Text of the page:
Park Chan-wook’s ‘The Handmaiden’ Deserves Oscar Nominations In Every Technical Category — Consider This

No Korean film (or Korean person) has ever won an Oscar. That should change with Park Chan-wook's masterpiece, "The Handmaiden."
the handmaiden park chan wook
"The Handmaiden"

No Korean movie has ever won the Academy Award for Best Foreign Language Film. Of course, that might have something to do with the fact that no Korean movie has ever been nominated for the Academy Award for Best Foreign Language Film. In other words, Tim Burton’s “Alice in Wonderland” — which won a little gold man for Best Art Direction in 2010 — has more Oscars to its name than the entire country of Korea or anyone from it.

That’s odd and rather damning given the self-evident strength of the country’s national cinema, which has been invaluable since long before Shin Sang-ok’s “My Mother and the Roomer” was chosen as their first Oscar submission in 1962. It’s become only more visible on the world stage thanks to the emotionally operatic, auteur-driven melodramas that have defined the Korean New Wave over the last 18 years.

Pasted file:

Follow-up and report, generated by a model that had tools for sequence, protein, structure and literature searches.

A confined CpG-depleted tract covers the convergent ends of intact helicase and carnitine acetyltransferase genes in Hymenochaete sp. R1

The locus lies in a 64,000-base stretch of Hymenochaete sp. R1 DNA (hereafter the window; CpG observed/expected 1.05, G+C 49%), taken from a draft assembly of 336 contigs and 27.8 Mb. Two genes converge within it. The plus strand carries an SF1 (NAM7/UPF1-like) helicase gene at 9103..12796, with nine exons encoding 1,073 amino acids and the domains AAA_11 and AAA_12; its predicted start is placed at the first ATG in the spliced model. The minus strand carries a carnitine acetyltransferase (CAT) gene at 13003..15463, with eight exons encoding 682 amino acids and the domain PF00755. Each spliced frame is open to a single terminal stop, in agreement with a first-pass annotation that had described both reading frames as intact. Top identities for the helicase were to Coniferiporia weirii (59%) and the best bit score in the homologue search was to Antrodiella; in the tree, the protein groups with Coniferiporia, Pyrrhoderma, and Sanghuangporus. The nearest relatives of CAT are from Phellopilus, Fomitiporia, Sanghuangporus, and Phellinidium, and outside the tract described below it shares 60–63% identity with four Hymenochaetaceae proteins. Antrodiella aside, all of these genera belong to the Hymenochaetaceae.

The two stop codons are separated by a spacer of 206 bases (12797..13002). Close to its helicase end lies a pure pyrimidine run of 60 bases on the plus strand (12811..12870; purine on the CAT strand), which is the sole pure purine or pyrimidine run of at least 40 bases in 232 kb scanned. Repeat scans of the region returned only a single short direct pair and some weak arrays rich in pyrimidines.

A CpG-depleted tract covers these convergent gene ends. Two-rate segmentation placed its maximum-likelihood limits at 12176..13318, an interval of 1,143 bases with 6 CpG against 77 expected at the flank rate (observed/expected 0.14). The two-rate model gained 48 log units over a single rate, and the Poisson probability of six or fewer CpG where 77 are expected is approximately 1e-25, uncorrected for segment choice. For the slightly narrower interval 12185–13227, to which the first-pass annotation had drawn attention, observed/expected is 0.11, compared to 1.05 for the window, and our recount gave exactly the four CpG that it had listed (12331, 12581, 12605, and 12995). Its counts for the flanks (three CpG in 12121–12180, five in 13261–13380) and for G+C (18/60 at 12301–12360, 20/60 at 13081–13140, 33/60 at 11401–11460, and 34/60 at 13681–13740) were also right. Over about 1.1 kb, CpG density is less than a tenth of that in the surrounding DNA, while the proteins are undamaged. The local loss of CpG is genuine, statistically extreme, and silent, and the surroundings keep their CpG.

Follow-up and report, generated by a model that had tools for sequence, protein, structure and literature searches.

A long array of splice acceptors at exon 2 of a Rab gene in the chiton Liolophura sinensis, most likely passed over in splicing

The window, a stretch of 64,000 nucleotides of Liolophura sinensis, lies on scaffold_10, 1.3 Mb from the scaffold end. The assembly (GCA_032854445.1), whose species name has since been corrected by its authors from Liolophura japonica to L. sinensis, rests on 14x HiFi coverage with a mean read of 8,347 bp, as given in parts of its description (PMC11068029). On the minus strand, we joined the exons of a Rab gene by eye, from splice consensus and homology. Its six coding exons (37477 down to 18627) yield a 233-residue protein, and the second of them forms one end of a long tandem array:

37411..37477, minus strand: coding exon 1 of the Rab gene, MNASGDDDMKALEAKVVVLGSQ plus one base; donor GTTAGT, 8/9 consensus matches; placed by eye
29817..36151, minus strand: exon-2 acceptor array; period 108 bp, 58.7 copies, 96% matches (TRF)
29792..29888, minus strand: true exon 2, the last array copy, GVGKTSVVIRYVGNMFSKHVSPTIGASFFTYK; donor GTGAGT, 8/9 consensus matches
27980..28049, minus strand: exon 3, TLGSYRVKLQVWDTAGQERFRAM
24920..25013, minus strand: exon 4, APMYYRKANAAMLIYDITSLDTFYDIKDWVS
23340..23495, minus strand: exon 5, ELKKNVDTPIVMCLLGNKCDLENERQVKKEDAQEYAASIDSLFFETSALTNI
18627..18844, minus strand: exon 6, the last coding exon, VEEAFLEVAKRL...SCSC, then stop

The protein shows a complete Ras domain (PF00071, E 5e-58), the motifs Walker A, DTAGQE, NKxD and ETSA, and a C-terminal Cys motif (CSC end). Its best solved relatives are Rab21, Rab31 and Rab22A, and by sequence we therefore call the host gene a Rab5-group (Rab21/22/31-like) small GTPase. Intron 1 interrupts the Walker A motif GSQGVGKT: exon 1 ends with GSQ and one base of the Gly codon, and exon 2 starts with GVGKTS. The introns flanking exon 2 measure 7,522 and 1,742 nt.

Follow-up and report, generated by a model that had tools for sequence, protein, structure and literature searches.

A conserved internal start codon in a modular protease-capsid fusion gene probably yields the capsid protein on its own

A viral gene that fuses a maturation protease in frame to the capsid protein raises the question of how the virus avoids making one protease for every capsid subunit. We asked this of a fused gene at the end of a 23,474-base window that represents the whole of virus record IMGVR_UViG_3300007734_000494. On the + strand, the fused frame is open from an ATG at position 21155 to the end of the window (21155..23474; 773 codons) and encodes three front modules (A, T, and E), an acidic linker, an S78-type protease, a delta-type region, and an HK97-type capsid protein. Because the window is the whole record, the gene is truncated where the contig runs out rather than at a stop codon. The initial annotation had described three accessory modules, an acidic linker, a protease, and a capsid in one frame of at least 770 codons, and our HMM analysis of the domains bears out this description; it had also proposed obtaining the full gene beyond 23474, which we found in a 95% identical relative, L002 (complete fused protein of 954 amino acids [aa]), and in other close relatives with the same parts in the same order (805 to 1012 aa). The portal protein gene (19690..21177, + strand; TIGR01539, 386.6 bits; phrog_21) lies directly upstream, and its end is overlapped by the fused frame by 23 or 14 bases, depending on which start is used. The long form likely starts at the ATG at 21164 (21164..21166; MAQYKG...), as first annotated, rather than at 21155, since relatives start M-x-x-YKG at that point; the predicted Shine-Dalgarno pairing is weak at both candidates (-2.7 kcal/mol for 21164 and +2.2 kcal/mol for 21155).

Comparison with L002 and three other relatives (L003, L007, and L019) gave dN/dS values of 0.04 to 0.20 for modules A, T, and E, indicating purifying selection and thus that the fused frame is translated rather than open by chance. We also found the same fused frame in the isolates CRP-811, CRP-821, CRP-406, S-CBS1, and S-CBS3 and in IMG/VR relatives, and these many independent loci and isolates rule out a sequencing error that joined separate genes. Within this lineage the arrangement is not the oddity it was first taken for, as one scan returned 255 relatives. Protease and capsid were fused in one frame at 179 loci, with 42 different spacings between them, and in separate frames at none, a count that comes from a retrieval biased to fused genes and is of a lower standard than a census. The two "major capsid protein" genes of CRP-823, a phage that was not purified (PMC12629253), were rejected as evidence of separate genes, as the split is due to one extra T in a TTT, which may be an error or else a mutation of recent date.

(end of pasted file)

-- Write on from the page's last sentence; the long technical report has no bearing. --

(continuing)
And it’s not as if the Korean Film Council hasn’t been trying to play the game. They’ve submitted wrenching tragedies Lee Chang-dong’s “Secret Sunshine” (an unassailable masterpiece), they’ve submitted accessible crowdpleasers like “Welcome to Dongmakgol,” and they’ve submitted eccentric delights like Bong Joon-ho’s “Mother.”

None of these picks has made the final five. They haven’t been shortsighted so much as they’ve been snakebitten.

But 2016 could’ve been different. 2016 could’ve been the year that Korea broke the curse, triumphed over the Academy’s broken system for recognizing foreign films, and brought an Oscar back to the streets of Seoul. 2016 could’ve been the year of “The Handmaiden.”